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5 Star Review: ‘Living Memories’

| Thursday, February 26, 2015

5-star-review-graphic-WEBKeri O'Mara

“Made for television.”

In his brilliant novel “A Prayer for Owen Meany,” John Irving managed to capture an aging generation’s simultaneous condemnation and acceptance of new technology. The central character’s grandmother constantly connects the most melodramatic and far-fetched events in her life to television programming. Despite her contempt for broadcasted material, she consumes unholy amounts of it. Every day, she sits in front of the television and ruthlessly criticizes whatever happens to be showing.

It’s easy to criticize someone for experiencing much of their life vicariously. It’s even easier to look down on someone who is obviously unhappy while doing so, cursing at the video game console or laughing pretentiously at ‘low-quality’ programming. “There’s a whole world out there!” you want to exclaim in exasperation. “People should be doing something, well, real!”

Yet when we experience things vicariously, we can have a better appreciation for each part of that experience. We enjoy being pulled into complicated relationships. We enjoy identifying with characters when they’re struggling because we know that most of the time, the struggling will ‘pay off’ in some type of emotional reward later. The feelings of the characters we identify with are rich, deep and enthralling.

Does that make vicarious experience better than actual experience? No, of course not. Our lives are infinitely more complex than those of characters in stories; if they weren’t, we’d probably have a hard time relating to them. The world we live in is surprising, rich, deep and as vivid as our senses and minds allow it to be. We each have a huge set of memories that attach special meanings to everything we experience. When something is brand new, it fills a fresh and exciting space in our lives we didn’t even know existed.

And yet, our lives often seem far less magical than the stories we watch, play and read. The struggles we experience are painful, not entertaining. The ‘true love’ romances seem few and far away. At the end of the road, we may find ourselves in the position of Patricia Arquette’s character in “Boyhood,” sitting at a normal table in our normal life and despondently saying, “I just thought there would be more.”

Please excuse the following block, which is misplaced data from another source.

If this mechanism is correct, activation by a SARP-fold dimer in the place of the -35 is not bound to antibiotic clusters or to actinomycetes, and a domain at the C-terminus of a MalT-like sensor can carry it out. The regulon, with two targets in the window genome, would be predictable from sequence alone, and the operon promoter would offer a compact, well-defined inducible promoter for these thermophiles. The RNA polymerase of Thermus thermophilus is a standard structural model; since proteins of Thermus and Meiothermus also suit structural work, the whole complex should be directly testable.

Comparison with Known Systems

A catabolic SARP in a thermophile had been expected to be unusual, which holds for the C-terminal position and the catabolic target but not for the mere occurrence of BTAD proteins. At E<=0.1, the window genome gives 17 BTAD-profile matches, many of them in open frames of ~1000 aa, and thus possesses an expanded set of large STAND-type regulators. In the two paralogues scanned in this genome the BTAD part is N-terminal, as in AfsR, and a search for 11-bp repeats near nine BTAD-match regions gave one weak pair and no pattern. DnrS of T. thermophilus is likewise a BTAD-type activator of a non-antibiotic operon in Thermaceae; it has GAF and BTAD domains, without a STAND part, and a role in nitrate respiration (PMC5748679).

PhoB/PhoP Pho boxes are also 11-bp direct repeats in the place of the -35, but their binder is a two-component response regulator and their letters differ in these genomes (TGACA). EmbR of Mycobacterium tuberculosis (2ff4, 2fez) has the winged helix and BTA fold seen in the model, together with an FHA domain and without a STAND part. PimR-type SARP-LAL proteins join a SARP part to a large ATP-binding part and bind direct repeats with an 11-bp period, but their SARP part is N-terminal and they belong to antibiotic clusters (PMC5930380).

So how exactly do we grapple with the big ugly truth that our lives may turn out to be difficult, excruciatingly normal or otherwise void of a star cast of characters? The easy answer, of course, is to appreciate what we have. But that’s kindergarten poster material, something everyone knows is good advice but is far easier to understand than follow. Oh kindergarten, the golden years, when everything was easier, and nap time came after recess.

That’s our memory of it, at least. In reality, kindergarten is pretty hard. Kids of the opposite gender are terrifying, paying attention is difficult and you pretty much have to do whatever the adults around you want you to do. Wouldn’t it have been grand if we could have just appreciated nap time and recess when we had it? Wouldn’t it have been amazing to actually live the good memories we have now, as distorted and optimistic as they may be?

The fact is, today is just tomorrow’s memory. There are so many fantastic things about being in college, about being in the prime of our lives and simply about being alive to experience the world around us. When we see something on a screen or look back on an event via our memories, we can clearly appreciate the joy and beauty inherent in scenes that can be utterly unremarkable to actually live through. Maybe if we take a step outside ourselves while we’re chugging on through, we can actually live the lives we want to remember, that we want to watch others live. Here’s to living the best memories of our lives, right now.

The views expressed in this column are those of the author and not necessarily those of The Observer.

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